1. USE OUTLINES. They will keep you on track, they will keep you from getting stuck and not knowing where to go, they will literally save your life. No joke. It makes sense, cause if you don't know what you want to write then you'll either do one of two things:
a) Write nothing.
b) Babble incessantly about things that ultimately don't have anything to do with anything in your story because you're just writing to figure it out for yourself. And hey, there's nothing wrong with that, but you can avoid the hassle and give yourself a break by using outlines to keep you on track.
As a disclaimer: this doesn't *always* work like you think it would. I finished a sixty chapter fantasy novel last year. I had a tremendous fifteen or so page outline with a paragraph of description for each of those sixty chapters. And you know what? My stupid characters decided they were going to play "real person" and decide their own fates. I know, how inconsiderate, right? It was ridiculous and now I have a first draft of over 200,000 words with dozens of characters and plots running absolutely amok, killing each other, starting wars...
So yeah. Be kind to yourself and use outlines. Even though they probably won't actually save your life, cause your characters are generally hellbent on ruining it - if they're anything like MY characters anyway.
2. DON'T BE A PERFECTIONIST (at least, not at first). If you want to finish a story ever at any point in your existence you've got to put aside that awful, innate desire for it to be perfect right away. Just write the dang thing. Forget about it being The Best and Shiniest Novel Ever™ because it's simply not going to be right now. You've got to face the facts otherwise you'll end up like this...
|actual footage of me|
3. SHOW - DON'T TELL. When you write, you want to be showing, not telling. That just means leave it up to your audience to understand characters and situations. If you have a character who is a compulsive liar rather than saying or describing that straight up, let the audience figure it out through the narrative. Show how the character lies all the time with the plot, don't just say that he does. Make us believe it! This is a basic rule of description and great for character/plot development as well.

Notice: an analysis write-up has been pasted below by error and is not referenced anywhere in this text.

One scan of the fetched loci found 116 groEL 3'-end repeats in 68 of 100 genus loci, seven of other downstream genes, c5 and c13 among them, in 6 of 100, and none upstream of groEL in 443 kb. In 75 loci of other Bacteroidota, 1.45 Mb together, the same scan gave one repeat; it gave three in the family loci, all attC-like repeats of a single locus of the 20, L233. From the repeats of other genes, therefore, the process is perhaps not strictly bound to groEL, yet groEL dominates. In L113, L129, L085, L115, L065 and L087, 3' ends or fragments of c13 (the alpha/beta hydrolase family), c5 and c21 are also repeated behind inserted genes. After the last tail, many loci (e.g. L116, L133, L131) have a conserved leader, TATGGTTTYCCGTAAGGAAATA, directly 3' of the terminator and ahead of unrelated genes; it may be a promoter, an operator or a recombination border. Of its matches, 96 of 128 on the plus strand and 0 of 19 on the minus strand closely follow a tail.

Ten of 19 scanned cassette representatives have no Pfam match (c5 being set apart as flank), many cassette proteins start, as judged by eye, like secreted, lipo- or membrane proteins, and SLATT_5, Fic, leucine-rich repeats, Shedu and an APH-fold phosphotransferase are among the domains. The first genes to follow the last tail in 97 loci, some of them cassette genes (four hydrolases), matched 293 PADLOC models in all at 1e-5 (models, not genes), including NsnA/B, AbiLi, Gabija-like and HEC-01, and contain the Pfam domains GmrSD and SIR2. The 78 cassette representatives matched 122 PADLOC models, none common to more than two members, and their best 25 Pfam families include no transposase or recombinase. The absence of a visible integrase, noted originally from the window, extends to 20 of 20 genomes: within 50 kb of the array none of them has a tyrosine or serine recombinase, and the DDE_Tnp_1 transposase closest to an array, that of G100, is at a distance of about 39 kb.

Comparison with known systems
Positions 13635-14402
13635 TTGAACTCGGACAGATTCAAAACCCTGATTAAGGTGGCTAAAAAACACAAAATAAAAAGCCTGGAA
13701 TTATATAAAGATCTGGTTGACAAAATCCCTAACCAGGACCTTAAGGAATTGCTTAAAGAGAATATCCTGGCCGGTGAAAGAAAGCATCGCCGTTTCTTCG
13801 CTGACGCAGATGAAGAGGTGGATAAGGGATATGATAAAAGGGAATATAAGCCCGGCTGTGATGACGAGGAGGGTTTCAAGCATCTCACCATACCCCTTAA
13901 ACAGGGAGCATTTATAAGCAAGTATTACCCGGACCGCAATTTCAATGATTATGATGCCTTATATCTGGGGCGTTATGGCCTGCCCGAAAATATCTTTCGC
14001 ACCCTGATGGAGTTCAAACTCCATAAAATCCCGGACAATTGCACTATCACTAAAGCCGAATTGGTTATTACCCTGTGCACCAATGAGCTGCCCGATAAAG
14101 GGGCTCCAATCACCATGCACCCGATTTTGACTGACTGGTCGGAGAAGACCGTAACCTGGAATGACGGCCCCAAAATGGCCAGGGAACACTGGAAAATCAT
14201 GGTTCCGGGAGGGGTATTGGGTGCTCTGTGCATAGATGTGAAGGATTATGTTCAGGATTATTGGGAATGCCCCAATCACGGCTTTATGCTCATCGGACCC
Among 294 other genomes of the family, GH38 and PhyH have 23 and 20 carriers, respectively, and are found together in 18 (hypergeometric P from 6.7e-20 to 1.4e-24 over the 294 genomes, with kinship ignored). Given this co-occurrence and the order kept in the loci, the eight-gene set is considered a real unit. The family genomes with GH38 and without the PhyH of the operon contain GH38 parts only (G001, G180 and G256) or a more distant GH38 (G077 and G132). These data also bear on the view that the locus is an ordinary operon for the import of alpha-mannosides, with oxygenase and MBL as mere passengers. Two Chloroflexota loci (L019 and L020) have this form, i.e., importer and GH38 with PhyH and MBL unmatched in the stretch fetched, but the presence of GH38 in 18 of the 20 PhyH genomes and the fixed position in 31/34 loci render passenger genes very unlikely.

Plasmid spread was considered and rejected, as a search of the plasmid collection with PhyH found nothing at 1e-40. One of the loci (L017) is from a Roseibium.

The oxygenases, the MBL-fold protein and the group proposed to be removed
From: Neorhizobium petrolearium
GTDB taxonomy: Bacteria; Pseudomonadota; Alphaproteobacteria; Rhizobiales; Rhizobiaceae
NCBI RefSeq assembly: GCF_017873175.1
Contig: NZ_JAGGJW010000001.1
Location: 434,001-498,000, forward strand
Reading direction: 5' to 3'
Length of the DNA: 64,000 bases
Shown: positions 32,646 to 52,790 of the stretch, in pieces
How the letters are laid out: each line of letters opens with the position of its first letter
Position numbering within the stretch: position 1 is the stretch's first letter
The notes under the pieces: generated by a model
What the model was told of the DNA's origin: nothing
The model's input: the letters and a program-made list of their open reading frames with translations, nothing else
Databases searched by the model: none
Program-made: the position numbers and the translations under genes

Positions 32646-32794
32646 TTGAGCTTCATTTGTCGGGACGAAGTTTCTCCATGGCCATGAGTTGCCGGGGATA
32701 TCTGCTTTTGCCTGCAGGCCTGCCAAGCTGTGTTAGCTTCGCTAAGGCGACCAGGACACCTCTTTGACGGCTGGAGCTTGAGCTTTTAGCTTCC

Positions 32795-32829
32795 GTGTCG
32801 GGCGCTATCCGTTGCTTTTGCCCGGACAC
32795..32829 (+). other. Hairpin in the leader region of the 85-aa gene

|what it looks like to try and make show - don't tell - work|
4. SOME CHARACTER DEVELOPMENT KEYS. Show - don't tell//Develop characters through each other, just like people in real life, characters are shaped by other characters and their relationships//Develop characters through struggle and hardship, this is how we develop in reality//Don't put characters in molds, types or stereotypes, round them out. Real people are always very out-of-the-box when you get to know them//Avoid basing characters off yourself - though I like to take aspects of myself that I struggle with or put myself into other situations for inspiration.
|your well-developed characters will be proud of you|
5. ORIGINAL SMIGINAL. Don't worry about being original, that isn't your goal as a writer. Your goal is to write a story worth reading. And if that's the case then your audience will enjoy it, whether it's completely, totally original or not.
And there you have it, Emily's Top Writing Tips. The thing you never knew you needed in your life. You're welcome.
Do you guys have any go-to writing tips for fellow writers? What are some things that have really helped you along in your writing journey? Share them below.